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Islander wins prize for arts innovation
Eyvind Kang, an Island-based composer and multi-instrumentalist, has won this year’s prestigious Arts Innovator Award, given by the Seattle non-profit, Artist Trust.
The award comes with an unrestricted $25,000 cash prize.
Kang, a Vashon resident since 2003, was one of two recipients of the award; the other prize went to Seattle choreographer Pat Graney. The awards program is funded by The Dale and Leslie Chihuly Foundation and is meant to recognize Washington artists who originate new work, experiment with new ideas, take risks and push the boundaries in their respective fields.
Kang’s work seems a perfect fit for those criteria.
A classically trained musician, Kang creates music that is defined on his Wikipedia page as “a classical approach to jazz with punk, ambient and folk influences.” His ecumenical embrace of many different genres has led him to collaborate with musicians in Seattle, New York, Reykjavik, Bologna, Vienna and the Bay Area and pushed him to continue to hone his skills on the viola, violin, tuba, erhu, setar and all manner of other stringed instruments.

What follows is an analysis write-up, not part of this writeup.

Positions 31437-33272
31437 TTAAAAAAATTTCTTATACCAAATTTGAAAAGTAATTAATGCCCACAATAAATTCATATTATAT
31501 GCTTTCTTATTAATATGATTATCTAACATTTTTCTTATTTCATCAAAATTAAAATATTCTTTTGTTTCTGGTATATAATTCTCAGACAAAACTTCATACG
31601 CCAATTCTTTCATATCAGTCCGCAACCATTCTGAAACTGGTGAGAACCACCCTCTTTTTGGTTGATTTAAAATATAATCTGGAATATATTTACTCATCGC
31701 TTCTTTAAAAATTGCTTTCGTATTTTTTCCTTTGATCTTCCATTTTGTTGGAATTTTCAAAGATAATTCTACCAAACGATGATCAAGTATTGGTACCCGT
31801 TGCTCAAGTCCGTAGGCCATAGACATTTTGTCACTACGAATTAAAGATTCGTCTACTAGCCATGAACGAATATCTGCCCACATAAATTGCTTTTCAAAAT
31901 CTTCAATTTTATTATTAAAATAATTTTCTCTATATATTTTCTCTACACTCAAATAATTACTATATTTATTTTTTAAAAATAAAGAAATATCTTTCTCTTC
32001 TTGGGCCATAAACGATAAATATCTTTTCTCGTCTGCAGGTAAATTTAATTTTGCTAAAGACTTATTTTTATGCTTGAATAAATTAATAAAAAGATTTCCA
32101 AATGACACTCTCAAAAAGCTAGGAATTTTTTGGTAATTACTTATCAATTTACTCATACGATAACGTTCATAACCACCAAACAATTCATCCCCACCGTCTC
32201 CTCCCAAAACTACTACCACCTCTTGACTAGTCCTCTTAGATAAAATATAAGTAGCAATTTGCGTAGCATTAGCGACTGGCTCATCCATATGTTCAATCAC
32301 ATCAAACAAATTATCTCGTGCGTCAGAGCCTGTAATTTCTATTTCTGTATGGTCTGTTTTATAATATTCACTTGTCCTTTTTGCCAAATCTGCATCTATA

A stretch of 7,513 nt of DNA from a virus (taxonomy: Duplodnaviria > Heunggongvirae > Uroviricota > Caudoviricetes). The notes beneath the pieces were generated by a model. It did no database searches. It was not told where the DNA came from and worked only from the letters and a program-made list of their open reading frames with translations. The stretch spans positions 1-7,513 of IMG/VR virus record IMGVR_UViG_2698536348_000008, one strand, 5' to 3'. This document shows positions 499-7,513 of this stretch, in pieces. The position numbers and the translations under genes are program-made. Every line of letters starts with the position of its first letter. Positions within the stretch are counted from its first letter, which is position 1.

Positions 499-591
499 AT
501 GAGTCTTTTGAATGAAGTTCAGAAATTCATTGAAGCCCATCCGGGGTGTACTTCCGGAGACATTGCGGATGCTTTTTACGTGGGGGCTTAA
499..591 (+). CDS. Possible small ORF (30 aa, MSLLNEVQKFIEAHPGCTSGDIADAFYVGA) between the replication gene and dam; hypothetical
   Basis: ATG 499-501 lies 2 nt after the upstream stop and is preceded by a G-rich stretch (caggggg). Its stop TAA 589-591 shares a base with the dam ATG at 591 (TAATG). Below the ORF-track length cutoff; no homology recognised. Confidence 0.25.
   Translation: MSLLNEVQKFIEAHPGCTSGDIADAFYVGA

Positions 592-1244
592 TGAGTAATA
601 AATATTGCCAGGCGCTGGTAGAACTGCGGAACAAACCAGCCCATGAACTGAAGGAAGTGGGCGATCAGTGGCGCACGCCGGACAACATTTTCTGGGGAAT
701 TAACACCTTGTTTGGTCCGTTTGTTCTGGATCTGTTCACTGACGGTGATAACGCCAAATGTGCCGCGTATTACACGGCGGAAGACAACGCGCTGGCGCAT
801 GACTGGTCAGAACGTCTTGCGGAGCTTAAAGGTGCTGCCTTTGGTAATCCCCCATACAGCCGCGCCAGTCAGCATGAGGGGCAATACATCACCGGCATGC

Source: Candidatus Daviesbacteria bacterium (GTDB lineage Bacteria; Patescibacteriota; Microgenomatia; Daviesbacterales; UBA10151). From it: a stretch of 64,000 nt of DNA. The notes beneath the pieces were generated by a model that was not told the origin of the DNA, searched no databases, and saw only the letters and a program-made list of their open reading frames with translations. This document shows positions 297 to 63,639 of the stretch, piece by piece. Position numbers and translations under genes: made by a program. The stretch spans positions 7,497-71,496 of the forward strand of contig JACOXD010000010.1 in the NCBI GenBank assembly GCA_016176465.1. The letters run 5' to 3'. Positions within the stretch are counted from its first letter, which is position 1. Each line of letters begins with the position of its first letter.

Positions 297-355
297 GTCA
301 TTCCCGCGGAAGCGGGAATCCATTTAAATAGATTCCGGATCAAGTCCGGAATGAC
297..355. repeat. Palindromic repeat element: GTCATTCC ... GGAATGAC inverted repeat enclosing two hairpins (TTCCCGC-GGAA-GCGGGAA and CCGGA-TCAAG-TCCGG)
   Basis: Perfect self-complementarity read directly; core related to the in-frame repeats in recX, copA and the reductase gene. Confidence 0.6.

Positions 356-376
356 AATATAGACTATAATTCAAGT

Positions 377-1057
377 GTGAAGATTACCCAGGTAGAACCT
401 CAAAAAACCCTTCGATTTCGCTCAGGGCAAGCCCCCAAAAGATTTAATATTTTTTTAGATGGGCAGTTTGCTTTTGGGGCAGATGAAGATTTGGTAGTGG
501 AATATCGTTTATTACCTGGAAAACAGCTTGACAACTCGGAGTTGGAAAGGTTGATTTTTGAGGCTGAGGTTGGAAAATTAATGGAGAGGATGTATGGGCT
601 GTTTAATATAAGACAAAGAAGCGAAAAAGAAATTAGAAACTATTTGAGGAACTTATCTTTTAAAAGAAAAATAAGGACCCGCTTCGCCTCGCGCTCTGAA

Along the way, he has worked with the likes of Laurie Anderson, Beck, Bill Frisell and many other noted musicians. He has also performed and recorded with his wife, composer and vocal artist Jessika Kenney, and worked on many film, theater and dance pieces.
Kang most recently performed on Vashon as part of “The Mystical Life of Rumi,” a concert put together by Kenney, and in December, he’ll release a new album, “With Visible Breath (I am Walking),” on the Ideologic Organ label.
Kang, reached Saturday, said he was still in a state of disbelief about winning such a prestigious prize. “I didn’t expect it at all,” he said. “It was a good shock.”
For Kang, the award has provided a measure of validation for his work.
“I’m more confident that (my work) has meaning in this world, that it’s not just sophism and having fun — that it helps the soul,” he said.
He has no special plans for the award money, he said, adding that he simply wants to continue composing, playing and practicing his art.
“There’s a quickening — things are getting deeper for me, somehow,” he said. “The subject matters that I’m interested in are opening up to me more lately, and great teachers have appeared. I’ve been doing so much studying, it’s hard to think I’m a professional artist — I just feel like a student. So there is a balance between that and doing my work, because if I don’t do my work, no one else is going to do anything like it.”